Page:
Month: March 2010
Review from Amazon: Turner, the 2001 finalist for the Willa Cather Award (These Is My Words), mesmerizes once again with an East Texas period piece, starring a young heroine who struggles to escape her abusive mother and smalltown limitations. “We set fire to the Nigra church after the Junior-Senior Halloween costume party”: unknown to all but one in a motley group of high school friends, this apparently thoughtless act of vandalism in 1942 Sabine, Tex., hides a darker evil that will haunt them all. Philadelphia “Frosty” Summers was there that night, but the lonely girl whose impoverished family had moved seven times in two years said nothing, even though the congregation of that church, the Missionary Way Evangelicle [sic] Temple, had befriended and supported her. Sheriff John Moultrie’s efforts to identify the perpetrators, whose innocent “prank” obscures a murder, weave throughout this coming-of-age WWII tale. Narrator Frosty anchors this portrait of repressive Southern religious dogma, racial bigotry, poverty and cruel ignorance. After graduation, Frosty escapes the confines of Sabine by convincing her parents she must travel to southern California to work in a factory to help the war effort. While there she meets and falls in love with Gordon Benally, a Navajo Indian Marine radio operator who is recuperating from wounds received while a POW. Meanwhile, Marty Haliburton, who instigated the long-ago high school “prank,” is now the pastor of Frosty’s church in Sabine and a member of the KKK. When Frosty and Gordon visit her family, Gordon is judged “colored” and Marty and others try to kill him.
I loved this book. I read it in two days, and if it wasn’t for the fact that my kids like to be fed, I could have finished it in a day! In fact, when Molly woke up at 3:30 in the morning, I was tempted to just stay up and read.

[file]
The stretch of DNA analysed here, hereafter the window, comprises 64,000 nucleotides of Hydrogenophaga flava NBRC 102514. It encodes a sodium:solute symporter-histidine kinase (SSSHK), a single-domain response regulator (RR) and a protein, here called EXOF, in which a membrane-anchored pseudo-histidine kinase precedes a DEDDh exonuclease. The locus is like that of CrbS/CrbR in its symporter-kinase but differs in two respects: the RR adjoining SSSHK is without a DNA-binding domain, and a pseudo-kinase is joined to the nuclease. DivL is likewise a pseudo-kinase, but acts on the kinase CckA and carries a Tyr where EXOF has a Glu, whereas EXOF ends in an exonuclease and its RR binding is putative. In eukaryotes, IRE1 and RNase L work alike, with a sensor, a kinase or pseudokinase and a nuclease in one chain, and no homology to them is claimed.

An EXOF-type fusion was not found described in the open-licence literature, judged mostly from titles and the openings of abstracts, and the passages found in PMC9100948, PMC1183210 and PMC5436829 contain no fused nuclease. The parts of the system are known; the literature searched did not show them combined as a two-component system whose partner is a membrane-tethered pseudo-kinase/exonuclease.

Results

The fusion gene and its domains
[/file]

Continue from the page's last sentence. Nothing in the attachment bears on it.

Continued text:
I am not a person that seeks out fantasy books. But I loved this story, mostly because I loved Peeta. Could there be a less manly name for a manly young man? I loved this character and am so mad at Katniss taking for granted his love and the fact that he saved her life over and over and over again. Really, Gale, what have you done for me lately?
I cannot wait to read the next one!
Review From Amazin.com: In a not-too-distant future, the United States of America has collapsed, weakened by drought, fire, famine, and war, to be replaced by Panem, a country divided into the Capitol and 12 districts. Each year, two young representatives from each district are selected by lottery to participate in The Hunger Games. Part entertainment, part brutal intimidation of the subjugated districts, the televised games are broadcasted throughout Panem as the 24 participants are forced to eliminate their competitors, literally, with all citizens required to watch. When 16-year-old Katniss young sister, Prim, is selected as the mining district’s female representative, Katniss volunteers to take her place. She and her male counterpart, Peeta, the son of the town baker who seems to have all the fighting skills of a lump of bread dough, will be pitted against bigger, stronger representatives who have trained for this their whole lives. Collins characters are completely realistic and sympathetic as they form alliances and friendships in the face of overwhelming odds; the plot is tense, dramatic, and engrossing.
Amazon.com Review: In her compelling style, bestselling author Sheri Dew outlines sources of true power and teaches the importance of learning to lay hold upon the blessings available to all true followers of Jesus Christ. As she shares memorable experiences from her own life and the lives of others, she explains how we can access the powers of heaven to help us live up to who we really are.